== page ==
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'For The Record': a stage show built around classic pop songs from movies




"For the Record: Scorsese" is at The Wallis Annenberg Center for the Performing Arts.
Kevin Parry for The Wallis Annenberg Center for the Performing Arts
"For the Record: Scorsese" is at The Wallis Annenberg Center for the Performing Arts.
Kevin Parry for The Wallis Annenberg Center for the Performing Arts
"For the Record: Scorsese" is at The Wallis Annenberg Center for the Performing Arts.
Kevin Parry for The Wallis Annenberg Center for the Performing Arts


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There are certain filmmakers who make brilliant use of pop music in their movies. Quentin Tarantino, Baz Luhrmann, Paul Thomas Anderson and Martin Scorsese all come to mind.

So it’s no accident that they are among the filmmakers whose work has been featured in a stage series called “For the Record.”

The show is a mixture of cabaret and pop concert and it brings the soundtracks from key films to the forefront.

Co-creators Anderson Davis and Shane Scheel started this production in Los Angeles, with just a few friends in a Los Feliz backyard. It went on to some small clubs and theaters, and now it’s grown into a bit of a phenomenon, with shows on cruise ships and in Las Vegas.

Music from Martin Scorsese films is currently the centerpiece of a show at the Wallis Annenberg Center for the Arts. The show is called, "For The Record: Scorsese." 

The Frame’s John Horn spoke with Anderson Davis and Shane Scheel about wooing the directors they pay tribute to, the difficulties in securing rights to the songs, and why they chose to put music at the center of “For The Record.”

INTERVIEW HIGHLIGHTS

On how they got Quentin Tarantino's approval:

Shane Scheel: I think originally we just set out to honor a filmmaker. A couple weeks into running the show in Los Feliz at the Vermont Bar, Quentin Tarantino walks in and that began our relationship.

I think we drank tequila till 4 a.m. in the bar and he kept on coming back to his show. We would do it again in a different format. We moved it to West Hollywood last year and he became a regular there.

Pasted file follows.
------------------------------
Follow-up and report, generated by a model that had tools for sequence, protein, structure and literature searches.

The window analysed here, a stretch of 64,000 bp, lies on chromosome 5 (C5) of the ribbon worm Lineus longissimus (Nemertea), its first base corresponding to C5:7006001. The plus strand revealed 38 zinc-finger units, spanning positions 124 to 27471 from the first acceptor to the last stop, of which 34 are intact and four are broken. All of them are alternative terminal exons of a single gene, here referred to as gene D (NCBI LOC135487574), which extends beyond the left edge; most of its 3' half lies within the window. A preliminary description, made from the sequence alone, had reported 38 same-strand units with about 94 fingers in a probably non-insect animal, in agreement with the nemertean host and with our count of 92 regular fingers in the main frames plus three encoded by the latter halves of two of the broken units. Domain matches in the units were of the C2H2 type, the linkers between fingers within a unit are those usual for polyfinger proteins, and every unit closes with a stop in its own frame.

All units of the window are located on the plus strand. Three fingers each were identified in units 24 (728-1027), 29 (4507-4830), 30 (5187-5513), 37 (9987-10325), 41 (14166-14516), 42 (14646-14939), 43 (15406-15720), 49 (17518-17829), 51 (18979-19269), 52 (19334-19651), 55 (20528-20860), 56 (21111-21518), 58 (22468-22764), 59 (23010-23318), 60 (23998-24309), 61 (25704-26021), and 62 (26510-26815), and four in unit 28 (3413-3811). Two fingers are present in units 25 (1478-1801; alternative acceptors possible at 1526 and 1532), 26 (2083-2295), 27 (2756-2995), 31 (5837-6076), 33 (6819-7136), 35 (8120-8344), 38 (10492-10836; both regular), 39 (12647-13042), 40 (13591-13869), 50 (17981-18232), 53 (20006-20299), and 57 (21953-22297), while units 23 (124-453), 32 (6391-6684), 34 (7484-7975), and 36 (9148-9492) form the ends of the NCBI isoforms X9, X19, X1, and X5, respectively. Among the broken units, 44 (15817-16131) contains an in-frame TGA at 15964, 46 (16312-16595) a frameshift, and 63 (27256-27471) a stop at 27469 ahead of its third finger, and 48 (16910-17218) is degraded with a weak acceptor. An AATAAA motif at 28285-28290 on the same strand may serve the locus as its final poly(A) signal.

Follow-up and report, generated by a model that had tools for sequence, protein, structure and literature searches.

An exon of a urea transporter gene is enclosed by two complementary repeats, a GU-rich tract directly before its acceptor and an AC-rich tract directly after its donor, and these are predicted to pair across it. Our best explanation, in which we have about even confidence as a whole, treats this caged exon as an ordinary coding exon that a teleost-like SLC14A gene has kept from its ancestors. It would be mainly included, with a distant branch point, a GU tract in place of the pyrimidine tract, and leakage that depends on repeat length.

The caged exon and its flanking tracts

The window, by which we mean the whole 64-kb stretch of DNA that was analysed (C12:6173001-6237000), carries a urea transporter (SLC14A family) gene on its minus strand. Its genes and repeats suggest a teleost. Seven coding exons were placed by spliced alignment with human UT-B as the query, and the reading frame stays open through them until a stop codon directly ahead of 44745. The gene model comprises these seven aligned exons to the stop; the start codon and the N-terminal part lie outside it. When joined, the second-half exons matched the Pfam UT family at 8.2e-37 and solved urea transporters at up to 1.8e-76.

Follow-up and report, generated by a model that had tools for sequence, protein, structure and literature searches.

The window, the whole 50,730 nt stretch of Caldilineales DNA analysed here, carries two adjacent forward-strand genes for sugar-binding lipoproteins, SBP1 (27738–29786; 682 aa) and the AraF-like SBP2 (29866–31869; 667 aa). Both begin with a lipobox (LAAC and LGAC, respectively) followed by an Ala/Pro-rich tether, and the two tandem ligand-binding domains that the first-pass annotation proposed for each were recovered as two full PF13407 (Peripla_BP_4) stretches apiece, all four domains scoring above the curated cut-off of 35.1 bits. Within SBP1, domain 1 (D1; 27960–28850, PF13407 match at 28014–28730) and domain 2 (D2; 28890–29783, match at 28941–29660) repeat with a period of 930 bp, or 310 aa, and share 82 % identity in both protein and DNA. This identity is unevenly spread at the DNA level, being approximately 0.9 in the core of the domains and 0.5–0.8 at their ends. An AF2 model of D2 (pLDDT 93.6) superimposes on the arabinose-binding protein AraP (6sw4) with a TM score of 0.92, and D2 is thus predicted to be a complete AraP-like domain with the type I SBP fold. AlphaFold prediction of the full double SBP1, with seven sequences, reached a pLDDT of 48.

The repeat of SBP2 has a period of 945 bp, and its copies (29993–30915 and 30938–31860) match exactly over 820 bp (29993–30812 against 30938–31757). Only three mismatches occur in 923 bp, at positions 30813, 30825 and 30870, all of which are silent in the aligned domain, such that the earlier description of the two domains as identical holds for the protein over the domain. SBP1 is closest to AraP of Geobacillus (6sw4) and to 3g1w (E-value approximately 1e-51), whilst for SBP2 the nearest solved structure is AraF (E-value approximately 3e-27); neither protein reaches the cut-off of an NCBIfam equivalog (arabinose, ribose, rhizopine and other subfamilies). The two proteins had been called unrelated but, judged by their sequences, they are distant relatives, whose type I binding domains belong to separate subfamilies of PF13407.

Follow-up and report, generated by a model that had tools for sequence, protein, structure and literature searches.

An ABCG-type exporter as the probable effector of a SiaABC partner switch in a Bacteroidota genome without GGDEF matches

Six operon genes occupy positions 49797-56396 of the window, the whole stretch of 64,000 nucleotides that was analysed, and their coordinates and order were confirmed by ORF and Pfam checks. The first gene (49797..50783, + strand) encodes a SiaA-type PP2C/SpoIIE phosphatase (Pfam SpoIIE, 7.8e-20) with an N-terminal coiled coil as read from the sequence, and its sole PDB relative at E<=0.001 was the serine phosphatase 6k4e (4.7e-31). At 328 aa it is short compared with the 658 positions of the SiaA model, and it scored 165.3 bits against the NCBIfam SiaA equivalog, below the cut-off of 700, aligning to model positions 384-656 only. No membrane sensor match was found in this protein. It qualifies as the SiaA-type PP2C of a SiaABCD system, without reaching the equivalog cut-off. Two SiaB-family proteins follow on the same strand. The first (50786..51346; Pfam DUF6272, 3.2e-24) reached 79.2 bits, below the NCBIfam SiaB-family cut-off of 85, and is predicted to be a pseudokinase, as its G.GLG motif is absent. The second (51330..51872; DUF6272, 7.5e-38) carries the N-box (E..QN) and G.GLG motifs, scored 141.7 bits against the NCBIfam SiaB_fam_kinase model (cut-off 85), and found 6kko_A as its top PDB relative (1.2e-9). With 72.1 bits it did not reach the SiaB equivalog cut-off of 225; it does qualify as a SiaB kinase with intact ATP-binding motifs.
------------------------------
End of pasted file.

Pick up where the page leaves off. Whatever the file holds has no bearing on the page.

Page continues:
The same thing happened with Baz Luhrmann. He just showed up one night and gave a curtain speech. That began a relationship with Baz. So we've been able to bait them in with this idea of, We're doing this tribute to you, your work, your choice in music — and then we start a relationship that way.

One song they wished they got the rights to use in the show:

Anderson Davis: For the Baz Luhrmann version of the series, we couldn't get "Lovefool" [by The Cardigans] and it was for the craziest reason.

It wasn't because of the publisher. The band was in a different country so trying to make that connection is difficult sometimes. "Lovefool," in my mind, was the perfect synthesis of Juliet, the character, and the lyrics of this song. It's kind of a he-loves-me, he-loves-me-not kind of a moment.

Luckily, we had some other options. Of course, Baz Luhrmann’s soundtracks are full of options so we were lucky in that regard, but I was sad to lose it.

Scheel: But we also never give up. We keep saying, Are you sure you don’t want this song in here? That’s where we are with [the Scorsese show] right now and we’re hopeful that this production will allow us to bring some skeptical people out to see the show and to understand what it is.

On the importance of the soundtrack and music in films:

Davis: I think about lots of different moments in films when the characters are in the forefront and the soundtrack's in the background. And we're really just flipping that. We're putting the song in the foreground and we're contextualizing that song with the character.

So I think about other filmmakers like Quentin Tarantino. I'll often reference from "Reservoir Dogs" because it's probably one of his that's similar to Scorsese's "Mean Streets," using "Be My Baby." In "Reservoir Dogs," there's the moment where he cuts off the guy's ear. 

Horn: Is it "Stuck In The Middle With You?"

Davis: That's exactly right. So you can't imagine that moment without the song. I mean, they're one and the same. In fact, I think there's a story about the band [Stealers Wheel] maybe not being so crazy about the idea that their song will always be connected to this torture scene. But I think it's an amazing quintessential soundtrack-meets-the-cinematic-moment that "For The Record" is all about. 

"For The Record: Scorsese" is at the Wallis Annenberg Center for the Arts through Oct. 16.  



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